December 03, 2007



“Buy your Diamond from a Reputable Retailer!”

What does this mean? How do I tell if the retailer is reputable or not?

Buying a diamond can be a scary undertaking these days. There is an abundance of information available to consumers, but not all of it is accurate. Hopefully we can clear up a few of the myths and give you some guidelines.

Most diamond buying guides advise you on the 4 C’s and suggest that you only shop at honest, reputable retailers, but how does the average consumer determine this?

Our advice is to ask if the diamond is certified and to see which laboratory issued the certificate or grading report. The quality of the certificate, or lack thereof, goes a long way towards telling if you are dealing with someone reputable and professional.

A diamond certificate or diamond grading report is only as good as the laboratory who issued it.

The certificate should come from a reputable, independent and recognised laboratory.

Diamond certificates from respectable labs, meaning GIA, HRD, AGS or DCLA, are totally necessary if you want to compare diamonds intelligently.

If you are unsure we suggest you do some investigation.

Laboratories such as GIA, HRD, AGS and DCLA issue grading reports of the highest international standards. All of these diamond grading laboratories utilise strict procedures, have the most advanced equipment, and affiliations which meet the strict requirements for recognition by international trade organisations.

It is up to you, the consumer, to verify the credentials of a diamond grading laboratory.

If you are told certification is unnecessary, or that the diamond certificate will cost you extra we suggest that you shop elsewhere.

Valuations or appraisals are NOT the same as a diamond certificate or grading report.

One important thing to remember is that a diamond certificate or grading report never includes an appraisal, or any kind of statement about the monetary value of the diamond.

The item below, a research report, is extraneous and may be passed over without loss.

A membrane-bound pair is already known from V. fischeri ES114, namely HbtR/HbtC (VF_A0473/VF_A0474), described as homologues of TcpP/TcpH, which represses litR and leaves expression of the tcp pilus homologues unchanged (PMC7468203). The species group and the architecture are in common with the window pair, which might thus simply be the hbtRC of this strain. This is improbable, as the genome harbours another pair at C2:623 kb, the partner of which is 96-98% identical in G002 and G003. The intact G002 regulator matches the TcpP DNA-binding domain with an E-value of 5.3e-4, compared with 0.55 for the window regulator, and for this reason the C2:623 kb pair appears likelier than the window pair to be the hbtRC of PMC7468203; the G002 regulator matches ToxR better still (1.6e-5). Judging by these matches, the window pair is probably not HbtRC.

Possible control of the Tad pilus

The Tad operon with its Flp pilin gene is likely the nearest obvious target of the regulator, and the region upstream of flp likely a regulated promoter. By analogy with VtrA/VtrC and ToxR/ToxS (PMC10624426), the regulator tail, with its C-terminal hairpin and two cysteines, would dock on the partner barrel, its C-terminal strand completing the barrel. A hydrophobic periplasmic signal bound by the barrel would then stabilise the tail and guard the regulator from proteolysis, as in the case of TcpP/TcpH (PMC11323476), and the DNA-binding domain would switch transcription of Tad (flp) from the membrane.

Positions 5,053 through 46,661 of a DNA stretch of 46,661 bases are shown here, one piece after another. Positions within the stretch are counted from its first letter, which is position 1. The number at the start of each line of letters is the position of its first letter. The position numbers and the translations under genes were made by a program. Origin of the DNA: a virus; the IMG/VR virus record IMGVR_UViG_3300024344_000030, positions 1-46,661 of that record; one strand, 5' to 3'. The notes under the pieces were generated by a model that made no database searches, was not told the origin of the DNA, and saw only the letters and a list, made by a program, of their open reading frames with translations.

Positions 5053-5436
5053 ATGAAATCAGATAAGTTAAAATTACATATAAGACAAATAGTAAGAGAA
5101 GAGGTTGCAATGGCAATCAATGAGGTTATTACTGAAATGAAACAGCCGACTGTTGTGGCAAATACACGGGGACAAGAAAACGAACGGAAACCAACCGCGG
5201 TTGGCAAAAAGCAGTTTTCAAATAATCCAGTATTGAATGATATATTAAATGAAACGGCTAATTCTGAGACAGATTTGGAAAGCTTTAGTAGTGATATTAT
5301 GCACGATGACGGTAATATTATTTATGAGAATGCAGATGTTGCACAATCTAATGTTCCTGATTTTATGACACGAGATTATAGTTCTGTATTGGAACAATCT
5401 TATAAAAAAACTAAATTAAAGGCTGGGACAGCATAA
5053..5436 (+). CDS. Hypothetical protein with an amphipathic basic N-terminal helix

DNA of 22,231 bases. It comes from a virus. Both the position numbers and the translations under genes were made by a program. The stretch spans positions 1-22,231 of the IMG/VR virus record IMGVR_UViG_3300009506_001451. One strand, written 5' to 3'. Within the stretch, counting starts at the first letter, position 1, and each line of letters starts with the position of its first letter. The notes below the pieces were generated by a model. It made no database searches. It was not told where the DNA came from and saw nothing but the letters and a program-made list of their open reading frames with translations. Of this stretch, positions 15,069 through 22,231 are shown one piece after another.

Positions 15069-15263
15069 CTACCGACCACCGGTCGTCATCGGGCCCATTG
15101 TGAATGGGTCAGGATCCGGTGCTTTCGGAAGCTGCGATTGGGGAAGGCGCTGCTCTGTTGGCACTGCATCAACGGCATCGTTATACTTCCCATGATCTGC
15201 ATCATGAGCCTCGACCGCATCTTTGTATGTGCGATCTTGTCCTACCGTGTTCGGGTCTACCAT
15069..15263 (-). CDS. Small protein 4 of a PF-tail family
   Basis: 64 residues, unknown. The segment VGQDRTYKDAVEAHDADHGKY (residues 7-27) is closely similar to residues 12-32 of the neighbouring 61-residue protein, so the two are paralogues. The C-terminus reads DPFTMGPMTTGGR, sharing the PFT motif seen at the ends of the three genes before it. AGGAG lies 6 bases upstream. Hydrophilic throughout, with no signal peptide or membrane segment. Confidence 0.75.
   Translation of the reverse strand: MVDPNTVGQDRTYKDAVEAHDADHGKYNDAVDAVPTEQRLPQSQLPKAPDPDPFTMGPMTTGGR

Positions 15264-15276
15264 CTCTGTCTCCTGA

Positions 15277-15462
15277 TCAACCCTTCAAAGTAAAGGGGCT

Be even more cautious of website vendors who issue their own 'in house diamond certificates' or 'manufacturer's grading reports' as these simply are NOT independent certificates and they are NOT from a recognised laboratory.

A diamond certificate, is only useful if it is reliable and has been issued by a reputable independent laboratory which has no financial interest in the stone. If you've never heard of the institution that is offering a grading report, don't hesitate to ask about its credentials and that of the people who graded the diamond.
Diamond grading laboratories which grade to IDC International Diamond Council rules, do not just use the opinion and expertise of one person. They must grade the diamond and have the opinion and consensus of three qualified diamond graders before the grade is applied to any diamond.

Do not judge a certificate by its cover and title alone
Just because someone calls themselves a laboratory or opens up a business to do diamond certificates and valuations after having completed a gemology course, that does not mean they have the needed technical equipment, qualifications, knowledge and expertise.

These small local labs often lay claims of being independent, recognised, and having state of art equipment but what about the qualifications of the directors, graders and that of the person who graded the diamond? Did they test for all types of treatments and any enhancements? Do they guarantee that the diamond is natural? Was the diamond laser inscribed using a cold laser? Do they grade diamonds to set international rules and standards?

It is one thing to produce great looking certificates but it is extremely important that the certificate or grading report has accurate information and is technically correct.

As a consumer, the diamond certificate or grading report is your safe guard when buying a diamond. Diamond certificates are invaluable documents that show in detail a diamond's credentials, so why wouldn't you check the credentials of the laboratory who graded the diamond and the retailer as well?

The comments to this entry are closed.

© 2010 Brandweek. All rights reserved. Terms Of Use and Privacy Policy.